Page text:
The Rivers State Government has released the sum of $1million for the 2016 set of 28 final year students on Rivers State Sustainable Development Agency (RSSDA) overseas scholarship.
The 28 affected students are in nine universities among which are Brescia University, Campbellsuille University, Colorado Technical University and Pennsylvania State University.
The rest are Stanford University, Philadelphia; Wiehite State University, Flywire Corporation, USA, All Saints University, St. Vincent; United States International University, New York and University of Debrecen, Budapest.
The state Commissioner for Finance, Dr. Fred Kpakol, who said this in a news briefing in his office in Port Harcourt added that the $1million was the third tranche of money so far released for students under the RSSDA overseas scholarship.
The commissioner recalled that on the 10th of June, 2015, the first tranche of N200million was released by Governor Nyesom Wike-led administration for the programme, while on the 29th September, 2016, another tranche of N485.289million was also released.
He said that the governor was deeply concerned over the welfare of Rivers students overseas, adding that everything was being done by the government to address their plight.
Kpakol, who dispelled rumour that the governor has abandoned the students, emphasised that the administration has embarked on authentication of beneficiaries with a view to knowing their numbers as well as ensure that those whose courses  are in Nigerian universities returned home to continue with them.
He used the occasion to call for support for the administration.
Meanwhile, there are strong indications that the Rivers State Government may revive the comatose Cassava Processing Plant in Afam in Oyigbo Local Government Area and the Songhai Farm in Tai Local Government Area.
The plans were hinted by the state Commissioner for Agriculture, Mr. Charles Nwaorgu after inspecting the two facilities, yesterday.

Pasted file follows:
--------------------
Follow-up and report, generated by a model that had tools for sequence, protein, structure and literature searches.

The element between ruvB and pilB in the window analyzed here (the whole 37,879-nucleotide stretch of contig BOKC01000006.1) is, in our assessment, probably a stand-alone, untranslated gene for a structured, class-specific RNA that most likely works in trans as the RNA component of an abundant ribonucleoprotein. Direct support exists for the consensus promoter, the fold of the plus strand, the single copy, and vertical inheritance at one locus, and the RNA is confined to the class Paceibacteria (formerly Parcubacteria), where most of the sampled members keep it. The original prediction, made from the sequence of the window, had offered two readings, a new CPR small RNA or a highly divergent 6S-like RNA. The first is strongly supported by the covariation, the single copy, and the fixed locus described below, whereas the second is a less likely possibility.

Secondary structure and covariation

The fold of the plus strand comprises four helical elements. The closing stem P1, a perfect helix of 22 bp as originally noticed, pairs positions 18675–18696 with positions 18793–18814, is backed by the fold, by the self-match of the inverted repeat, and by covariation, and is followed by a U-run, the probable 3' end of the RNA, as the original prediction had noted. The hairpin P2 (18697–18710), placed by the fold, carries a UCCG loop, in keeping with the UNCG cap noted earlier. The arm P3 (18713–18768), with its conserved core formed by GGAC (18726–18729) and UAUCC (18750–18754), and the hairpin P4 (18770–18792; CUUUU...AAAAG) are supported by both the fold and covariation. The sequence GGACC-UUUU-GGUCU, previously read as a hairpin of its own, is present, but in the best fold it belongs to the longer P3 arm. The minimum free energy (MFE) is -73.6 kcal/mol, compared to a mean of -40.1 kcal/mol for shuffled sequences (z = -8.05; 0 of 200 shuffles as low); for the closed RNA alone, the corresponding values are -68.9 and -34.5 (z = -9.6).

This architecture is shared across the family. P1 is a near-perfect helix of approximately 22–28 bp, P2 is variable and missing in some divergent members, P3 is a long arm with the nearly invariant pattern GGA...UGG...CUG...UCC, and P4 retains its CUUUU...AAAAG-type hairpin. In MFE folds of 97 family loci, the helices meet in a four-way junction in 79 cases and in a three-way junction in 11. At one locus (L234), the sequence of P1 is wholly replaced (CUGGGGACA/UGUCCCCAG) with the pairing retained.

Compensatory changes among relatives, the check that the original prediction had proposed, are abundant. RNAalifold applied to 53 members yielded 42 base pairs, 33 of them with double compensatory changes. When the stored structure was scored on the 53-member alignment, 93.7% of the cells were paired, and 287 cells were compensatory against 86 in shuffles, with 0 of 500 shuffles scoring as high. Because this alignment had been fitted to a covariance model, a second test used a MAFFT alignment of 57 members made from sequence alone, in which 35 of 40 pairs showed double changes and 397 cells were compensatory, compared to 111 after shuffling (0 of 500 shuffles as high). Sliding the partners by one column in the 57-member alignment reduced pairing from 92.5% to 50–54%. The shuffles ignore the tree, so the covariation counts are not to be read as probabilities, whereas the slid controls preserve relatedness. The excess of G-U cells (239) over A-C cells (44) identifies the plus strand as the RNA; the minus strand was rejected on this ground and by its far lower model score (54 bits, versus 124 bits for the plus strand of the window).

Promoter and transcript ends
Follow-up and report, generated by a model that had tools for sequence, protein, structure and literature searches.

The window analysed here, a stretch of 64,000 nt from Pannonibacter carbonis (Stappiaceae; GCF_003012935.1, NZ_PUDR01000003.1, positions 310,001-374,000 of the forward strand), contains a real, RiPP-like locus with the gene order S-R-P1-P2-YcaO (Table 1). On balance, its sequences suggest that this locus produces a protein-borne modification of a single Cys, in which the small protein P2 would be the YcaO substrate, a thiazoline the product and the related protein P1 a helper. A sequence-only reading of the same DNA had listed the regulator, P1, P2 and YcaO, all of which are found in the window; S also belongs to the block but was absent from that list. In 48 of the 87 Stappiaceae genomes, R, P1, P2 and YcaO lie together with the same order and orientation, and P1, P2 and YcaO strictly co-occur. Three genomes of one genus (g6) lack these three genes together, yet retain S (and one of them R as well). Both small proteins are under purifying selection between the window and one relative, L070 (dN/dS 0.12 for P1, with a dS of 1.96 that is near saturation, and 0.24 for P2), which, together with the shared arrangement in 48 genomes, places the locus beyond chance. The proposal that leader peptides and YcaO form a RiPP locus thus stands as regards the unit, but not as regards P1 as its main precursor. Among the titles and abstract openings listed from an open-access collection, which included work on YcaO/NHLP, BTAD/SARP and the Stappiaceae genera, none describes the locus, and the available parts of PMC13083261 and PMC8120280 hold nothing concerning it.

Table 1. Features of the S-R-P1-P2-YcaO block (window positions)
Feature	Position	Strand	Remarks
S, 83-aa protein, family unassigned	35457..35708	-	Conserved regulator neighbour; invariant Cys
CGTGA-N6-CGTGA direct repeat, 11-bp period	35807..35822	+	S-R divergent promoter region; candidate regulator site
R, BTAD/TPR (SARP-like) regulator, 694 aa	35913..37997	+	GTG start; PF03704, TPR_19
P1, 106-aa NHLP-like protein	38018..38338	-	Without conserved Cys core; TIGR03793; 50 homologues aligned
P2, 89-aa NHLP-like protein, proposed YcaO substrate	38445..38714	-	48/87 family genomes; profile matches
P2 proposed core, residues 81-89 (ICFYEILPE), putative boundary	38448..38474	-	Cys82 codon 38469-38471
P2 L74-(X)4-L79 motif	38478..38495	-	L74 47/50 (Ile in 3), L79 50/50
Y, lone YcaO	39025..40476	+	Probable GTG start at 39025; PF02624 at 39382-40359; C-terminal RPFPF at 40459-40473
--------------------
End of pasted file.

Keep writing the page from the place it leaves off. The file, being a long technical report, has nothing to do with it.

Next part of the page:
Nwaorgu stated that the new policy directive of the Governor Nyesom Wike-led administration was to use agriculture to empower the youth and revive the economy of the State.
Nwaorgu, who expressed dissatisfaction over the way and manner the previous administration failed to ensure that the Cassava Processing Plant comes on stream, pointed out that the factory was key in driving the economy and empowering local people who specialize in cassava production.
He maintained that the Wike administration will not allow government assets to decay considering the huge fund expended by the erstwhile administration in setting up the factory.
The agriculture commissioner commended Shell Petroleum Development Company (SPDC) for collaborating with the state government in reviving the factory after former investors pulled out.
The Cassava Processing Plant covers 10 hectares of land and is capable of processing over 10,000 metric tonnes of cassava daily.
At the Songhai Farm Complex, the commissioner inspected the facilities, and lauded the management for its effort in sustaining the farm.
He described the farm as a huge asset in agric development, training of manpower and research.
The commissioner assured that government will make sure all areas needed to revitalise the farm to ensure optimum capacity utilisation was done by the Wike-led administration.

John Bibor & Kevin Nengia


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Bura-Bari Nwilo lives in Port Harcourt, in Nigeria. He is the author of A Tiny Place Called Happiness – a book of stories.

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